You should read Triple Canopy if you aren't already, or at least this one article that has special relevance to video games: "The Anatomy of Ruins," analyzing our relationship to ruins and what that means.
In video games, that usually means romanticizing them in some way, making them oddly beautiful or otherwise visually arresting. It makes sense, after all, seeing as the vast majority of FPS games are about destruction and the spectacle of the remains. And, well, guns and explosions and things that go boom.
Some games (World War II-themed games, Fallout 3) are content to use ruins to demonstrate some mundane truism like, "look at all the destruction that war has wrought -- look at all these empty houses! Man, war sucks and displaces innocent civilians, even if you do believe in a theory of just war!" Indeed, war can be pretty bad.
The Halo series and the Elder Scrolls: Oblivion treats the ruin as a mysterious "other," the result of an alien civilization that had strange uses for these ruins, uses that we struggle to comprehend.
Other games celebrate the ruin as a reflection of player agency: the Red Faction series and the Battlefield: Bad Company series come to mind. In it, the player actively creates the ruins. Red Faction celebrates it as revolution, Bad Company treats it like good ol' fun.
Half-Life 2 manages the feat of accomplishing both... sort of: you begin in the derelict remnants of an Eastern European city. The structures are intact, but the social fabric of civilization is in ruins and disrepair. Then, when you return later and the city is in ruins -- specifically a setpiece where fellow rebels tear down a Combine screen in the plaza amid cheers and applause -- it is both liberation from the old world / the oppressive new world order.
(Well, technically you, the player, aren't really doing much destruction. Everything is scripted. Some wood panels will be unbreakable; others are scripted to break the instant you walk over them. TV writers would call this an instance of "fridge logic" that nearly all players take for granted even though it's so stupid.)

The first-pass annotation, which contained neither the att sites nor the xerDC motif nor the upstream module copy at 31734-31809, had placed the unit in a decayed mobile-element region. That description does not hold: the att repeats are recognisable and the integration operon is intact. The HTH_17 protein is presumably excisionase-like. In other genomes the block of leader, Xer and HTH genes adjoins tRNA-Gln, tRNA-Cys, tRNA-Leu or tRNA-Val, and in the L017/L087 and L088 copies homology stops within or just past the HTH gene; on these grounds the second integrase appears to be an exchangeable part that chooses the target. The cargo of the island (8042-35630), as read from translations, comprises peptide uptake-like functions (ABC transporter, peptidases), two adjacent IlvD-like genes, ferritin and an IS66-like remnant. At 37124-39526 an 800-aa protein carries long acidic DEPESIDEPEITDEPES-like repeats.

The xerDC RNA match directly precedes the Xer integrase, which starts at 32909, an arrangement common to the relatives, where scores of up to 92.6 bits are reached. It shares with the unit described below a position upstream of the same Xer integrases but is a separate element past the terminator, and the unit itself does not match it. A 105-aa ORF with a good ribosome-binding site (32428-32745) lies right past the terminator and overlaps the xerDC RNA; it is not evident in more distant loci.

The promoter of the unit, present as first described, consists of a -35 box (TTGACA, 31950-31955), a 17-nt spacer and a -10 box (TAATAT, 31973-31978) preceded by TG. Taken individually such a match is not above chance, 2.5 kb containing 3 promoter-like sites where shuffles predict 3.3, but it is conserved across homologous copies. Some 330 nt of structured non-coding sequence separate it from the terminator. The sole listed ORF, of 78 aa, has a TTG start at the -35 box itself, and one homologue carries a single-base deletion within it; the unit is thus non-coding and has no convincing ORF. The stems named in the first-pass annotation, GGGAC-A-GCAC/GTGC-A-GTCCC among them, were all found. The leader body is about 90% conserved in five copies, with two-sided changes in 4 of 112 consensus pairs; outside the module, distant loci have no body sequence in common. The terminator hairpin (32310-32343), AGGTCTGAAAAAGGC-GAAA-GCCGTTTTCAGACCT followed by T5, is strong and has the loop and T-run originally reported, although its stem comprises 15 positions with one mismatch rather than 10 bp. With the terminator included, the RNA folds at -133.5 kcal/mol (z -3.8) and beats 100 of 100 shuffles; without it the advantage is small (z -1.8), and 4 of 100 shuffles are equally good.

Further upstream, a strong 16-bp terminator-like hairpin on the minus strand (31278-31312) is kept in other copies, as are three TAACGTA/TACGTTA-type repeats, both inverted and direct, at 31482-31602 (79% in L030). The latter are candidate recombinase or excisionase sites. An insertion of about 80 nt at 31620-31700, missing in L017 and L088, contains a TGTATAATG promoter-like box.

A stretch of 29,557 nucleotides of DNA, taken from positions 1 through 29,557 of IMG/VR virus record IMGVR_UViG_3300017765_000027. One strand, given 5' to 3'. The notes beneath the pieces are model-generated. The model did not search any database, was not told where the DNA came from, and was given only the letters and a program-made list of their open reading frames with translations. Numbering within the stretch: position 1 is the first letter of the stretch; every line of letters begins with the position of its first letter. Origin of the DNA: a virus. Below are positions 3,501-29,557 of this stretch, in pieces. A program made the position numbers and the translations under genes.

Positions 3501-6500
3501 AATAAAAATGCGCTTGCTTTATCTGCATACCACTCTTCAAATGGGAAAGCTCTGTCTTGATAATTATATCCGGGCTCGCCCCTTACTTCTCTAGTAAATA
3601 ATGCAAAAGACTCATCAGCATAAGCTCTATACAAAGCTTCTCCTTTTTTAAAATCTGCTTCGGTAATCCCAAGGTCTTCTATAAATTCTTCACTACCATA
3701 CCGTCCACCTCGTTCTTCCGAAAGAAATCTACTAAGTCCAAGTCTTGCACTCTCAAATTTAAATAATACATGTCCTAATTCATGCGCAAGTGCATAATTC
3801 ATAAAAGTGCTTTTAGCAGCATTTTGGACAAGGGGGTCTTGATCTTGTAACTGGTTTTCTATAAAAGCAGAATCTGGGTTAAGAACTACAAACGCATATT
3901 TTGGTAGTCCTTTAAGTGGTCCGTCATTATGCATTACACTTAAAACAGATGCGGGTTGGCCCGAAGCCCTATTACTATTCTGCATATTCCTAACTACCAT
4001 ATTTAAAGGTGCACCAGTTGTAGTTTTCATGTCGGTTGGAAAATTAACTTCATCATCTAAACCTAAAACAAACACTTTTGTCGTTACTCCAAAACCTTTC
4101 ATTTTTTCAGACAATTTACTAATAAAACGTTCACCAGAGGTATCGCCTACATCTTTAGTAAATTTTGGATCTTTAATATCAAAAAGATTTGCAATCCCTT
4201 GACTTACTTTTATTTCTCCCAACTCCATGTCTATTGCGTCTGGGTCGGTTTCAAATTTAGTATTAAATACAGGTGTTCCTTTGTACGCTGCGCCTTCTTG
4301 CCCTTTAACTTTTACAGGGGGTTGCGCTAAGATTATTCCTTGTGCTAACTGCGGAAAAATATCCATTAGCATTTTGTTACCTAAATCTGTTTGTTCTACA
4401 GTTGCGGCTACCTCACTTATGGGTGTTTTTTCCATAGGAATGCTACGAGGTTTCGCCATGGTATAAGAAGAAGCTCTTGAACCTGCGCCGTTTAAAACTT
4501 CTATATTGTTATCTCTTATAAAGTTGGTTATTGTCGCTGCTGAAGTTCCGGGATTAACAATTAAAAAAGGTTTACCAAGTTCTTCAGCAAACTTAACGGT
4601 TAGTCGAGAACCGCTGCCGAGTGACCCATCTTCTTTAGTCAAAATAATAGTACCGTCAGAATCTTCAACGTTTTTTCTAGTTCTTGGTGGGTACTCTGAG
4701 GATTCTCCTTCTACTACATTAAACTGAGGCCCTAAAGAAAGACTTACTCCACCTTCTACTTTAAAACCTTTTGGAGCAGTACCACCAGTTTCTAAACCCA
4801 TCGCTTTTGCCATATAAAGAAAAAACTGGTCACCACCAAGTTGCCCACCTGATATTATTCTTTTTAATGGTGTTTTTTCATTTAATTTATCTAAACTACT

Or maybe it's because we can't actually explore these ruins in real-life because they're locked behind rusted chain-link fences, or maybe they're structurally unsound and they will kill us.
Along those lines, I think the Thief series is one of the very few games that treats a "ruin" as something dangerous that may kill you. The Bonehoard? The Lost City? Return to the Cathedral? The Cradle? Any number of fan missions? Your player character, Garrett, actually says on occasion -- "I don't want to be here." They're stark contrasts to the warmly lit art deco mansions filled with gold.
So yeah, those are my thoughts as a player. Ruins are cool and gee-whiz groovy, provoke all kinds of emotions, etc. But as a level designer, I have mixed feelings about it all...
I see it as a kind of artistic anxiety with ruins: you're destroying the level I worked so hard to build.
As more and more games feature "level design" as a mechanic, a game inside a game -- or worse, level design as an automated, procedural process with little or no human artistic input from a designer -- will level designers be obsolete, or is the distinction between player and designer going to be obsolete, as in games like LittleBigPlanet.
Modern warfare, supposedly the inspiration for today's multiplayer team-based shooters, has moved far beyond the static environments of most FPS levels; in fact, the Israeli special forces actively avoids the formative architectural vocabulary we use to layout levels.
Using streets, sidewalks, hallways, doors, stairwells? Ha! These are all obsolete and expected modes of human interaction with the built environment. The Israeli special ops would say you're enframing yourself by using that door.
Indeed, the cutting-edge of modern warfare is about wall-hacking and ignoring the "designer's" intent.
So what is the role of the level designer, when or if the majority of military FPS's make this paradigm shift, when physics engines can finally simulate full environmental deformation, when the mechanics of navigating a level are all about flouting it entirely?
I'm not talking about letting the player crawl through a pre-placed vent instead of using a door; I'm talking about the player creating an entire underground tunnel system. By themselves. With a shovel.
Why do we build a chokepoint into de_dust if the CTs will just blow a hole through the wall above the tunnel? Will we "flag" certain walls as "unbreakable" -- "click here to set a breaching charge on this specific section of brick wall and only this one!" -- or is that desperately clinging to a notion of static level design amid a raging ocean of new mechanics and opportunities for emergence / player creativity?
You can already sort of see this ideological conflict in the design of the Lego Universe MMO. Watch some of the gameplay demo videos: they demonstrate these boring authored quests with tiered goals and achievements and blah blah blah... with none of the actual playfulness of the IP it is licensing. "Hold the Spacebar to build this pre-made model instead of your own!"
(Actually, a better multiplayer game based on the creativity of Legos already exists. It is called Minecraft. To a lesser degree, there is also the MMO game "Love.")
Maybe players don't really care for this kind of freedom? The suspension of disbelief, the ignorance of real-life military tactics -- the invincible wooden door that will never yield to your rocket launcher... maybe we can just dwell in this wonderful dimension of fridge logic forever?